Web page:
Frank then examined the gross margins earned by the Defendants for the Asacol products and concluded that the gross margins were significantly higher than the gross margins for either generic products or products facing generic competition, providing evidence of a monopoly. Frank concluded that "the fact that virtually all branded firms pay rebates to insurers and PBMs especially for tier placement on formularies does not alter a branded firm's ability to increase and sustain higher supra-competitive branded prices.
As to Frank's opinion, the Defendants first argue that gross profits and promotional spending are irrelevant to the analysis of the Defendants' market power in the relevant market. The Court disagrees; while they may not be sufficient alone to prove market power, they are certainly relevant to an analysis of market power. See Coastal Fuels of P. Caribbean Petroleum Corp. Moreover, Frank does not rely exclusively on these factors in reaching his conclusions, but combines an analysis of those factors with the pricing over time of the Defendants' product and the evidence of switching between products.
Second, the Defendants contend that historic price increases are irrelevant and the ability of the hypothetical monopolist to exact a five percent price increase profitably has no place outside of the horizontal merger context. But the hypothetical monopolist test is the "touchstone of market definition," even in contexts outside of horizontal mergers.
Coastal Fuels of P. Third, the Defendants contend that Frank inappropriately uses wholesale prices without accounting for rebates to third-party payors, leading him to ignore competition between brand-name manufacturers for formulary placement with PBMs. While Frank did use wholesale prices, he also concluded that it was not necessary to account for rebates because rebates were smaller than the price increases.
The only evidence the Defendants have offered to support their contention that Frank erred in this conclusion is the statement of an Allergan employee, indicating that PBMs that he negotiated with told him that rebates for Lialda exceeded forty or fifty percent of list price. This is not sufficient to show that Frank's use of wholesale prices and rationale for doing so are an unreliable basis for his opinion. Finally, the Defendants argue that Frank inappropriately provided a medical opinion regarding the differences between competing ulcerative colitis treatments that he was not qualified to give.
This argument is unavailing; Frank compiled and reviewed reports documenting certain characteristics of various drugs, including FDA sources, to inform his expert economic analysis, and the Defendants will be permitted to challenge the validity of the bases of his opinion at trial.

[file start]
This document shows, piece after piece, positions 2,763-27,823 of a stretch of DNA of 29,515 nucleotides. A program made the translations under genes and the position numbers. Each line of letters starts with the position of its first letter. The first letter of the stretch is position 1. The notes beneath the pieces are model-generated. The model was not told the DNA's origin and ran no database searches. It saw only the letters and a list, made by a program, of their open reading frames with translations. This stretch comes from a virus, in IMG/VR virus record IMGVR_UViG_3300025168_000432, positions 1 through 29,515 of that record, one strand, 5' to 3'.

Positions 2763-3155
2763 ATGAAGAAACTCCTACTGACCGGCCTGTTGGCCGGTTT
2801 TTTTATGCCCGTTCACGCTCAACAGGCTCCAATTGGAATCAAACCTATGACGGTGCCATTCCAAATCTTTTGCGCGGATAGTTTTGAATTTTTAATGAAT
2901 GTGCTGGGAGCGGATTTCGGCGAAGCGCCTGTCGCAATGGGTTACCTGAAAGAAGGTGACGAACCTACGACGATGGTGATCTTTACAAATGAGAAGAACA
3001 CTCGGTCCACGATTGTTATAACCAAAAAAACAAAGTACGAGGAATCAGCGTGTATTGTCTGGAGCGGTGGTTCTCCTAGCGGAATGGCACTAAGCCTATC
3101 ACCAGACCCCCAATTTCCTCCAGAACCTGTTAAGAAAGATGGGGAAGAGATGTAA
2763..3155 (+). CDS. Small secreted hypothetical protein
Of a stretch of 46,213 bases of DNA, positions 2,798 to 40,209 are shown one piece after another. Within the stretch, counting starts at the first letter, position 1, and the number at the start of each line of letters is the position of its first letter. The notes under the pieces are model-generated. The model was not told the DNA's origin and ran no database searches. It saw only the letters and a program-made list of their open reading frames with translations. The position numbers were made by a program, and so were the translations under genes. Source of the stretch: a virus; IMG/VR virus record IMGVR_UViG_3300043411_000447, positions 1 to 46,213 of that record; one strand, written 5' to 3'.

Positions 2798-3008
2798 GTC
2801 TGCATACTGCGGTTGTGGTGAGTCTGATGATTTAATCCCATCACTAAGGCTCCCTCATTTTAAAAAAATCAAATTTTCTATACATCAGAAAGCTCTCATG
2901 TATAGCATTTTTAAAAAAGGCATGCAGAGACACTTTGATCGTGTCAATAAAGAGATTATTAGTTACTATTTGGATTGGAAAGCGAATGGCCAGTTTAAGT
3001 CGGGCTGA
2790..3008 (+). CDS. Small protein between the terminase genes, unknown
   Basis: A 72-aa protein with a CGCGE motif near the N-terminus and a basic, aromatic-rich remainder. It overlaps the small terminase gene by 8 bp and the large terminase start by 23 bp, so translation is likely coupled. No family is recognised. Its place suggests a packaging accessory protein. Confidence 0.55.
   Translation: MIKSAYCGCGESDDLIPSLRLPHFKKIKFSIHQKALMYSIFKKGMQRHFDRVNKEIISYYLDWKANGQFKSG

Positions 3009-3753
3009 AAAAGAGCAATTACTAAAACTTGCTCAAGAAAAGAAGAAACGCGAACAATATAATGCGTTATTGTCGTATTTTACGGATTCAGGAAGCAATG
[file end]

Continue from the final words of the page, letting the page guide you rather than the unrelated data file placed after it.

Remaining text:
Irwin Jacobs "Jacobs". The Plaintiffs first proffer Jacobs as an expert regarding the therapeutic characteristics of Asacol mg and Delzicol and the potential for creating a version of Asacol mg with DBP without using a capsule. Jacobs, in formulating his opinion, relied upon documents provided by Warner Chilcott; a report submitted by the Defendants' expert on the subject, Dr. Robbins; experience with the pharmaceutical industry; documents from the FDA's communication with Warner Chilcott; and his own expertise in the field.
Jacobs concluded that "[i]t was possible to achieve safety and bioequivalence to original Asacol mg tablets with reformulated Asacol mg tablets that replaced DBP with DBS without changing the dosage form to a capsule;" that there was no need to address the problem of microfractures by means of encapsulation; and that "[t]here is no technical or scientific reason why a company would need to encapsulate the tablet to accommodate a change to DBS formulation. The Plaintiffs also proffer Jacobs as an expert on the potential challenges that generic manufacturers would face in trying to create a generic version of Asacol mg.
Jacobs concluded that "no major scientific or technological hurdles existed to prevent drug companies from developing a generic version of Asacol [mg] that could meet [the] FDA's bioequivalence requirements and enter the market after Asacol [mg]'s patents expired. He reviewed the conclusions of the Defendants' expert, Dr.
Juergen Siepmann, regarding certain purported difficulties in developing a generic version of Asacol mg, and concluded that none of those purported difficulties were valid or material. The Defendants next contend that Jacobs' testimony is speculative because Jacobs does not identify a particular generic manufacturer with the capability of producing a generic version of Asacol mg.
Jacobs, however, used sufficiently reliable information about the technological capabilities of generic manufacturers generally, based upon other products they produced and the specific characteristics of the Asacol mg product, in reaching his conclusion. The Defendants next contend that Jacobs impermissibly took account of the fact that generic manufacturers produced generic versions of two other mesalamine products - Asacol HD and Lialda - in reaching his conclusions, despite the fact that Asacol HD and Lialda are different products from Asacol mg.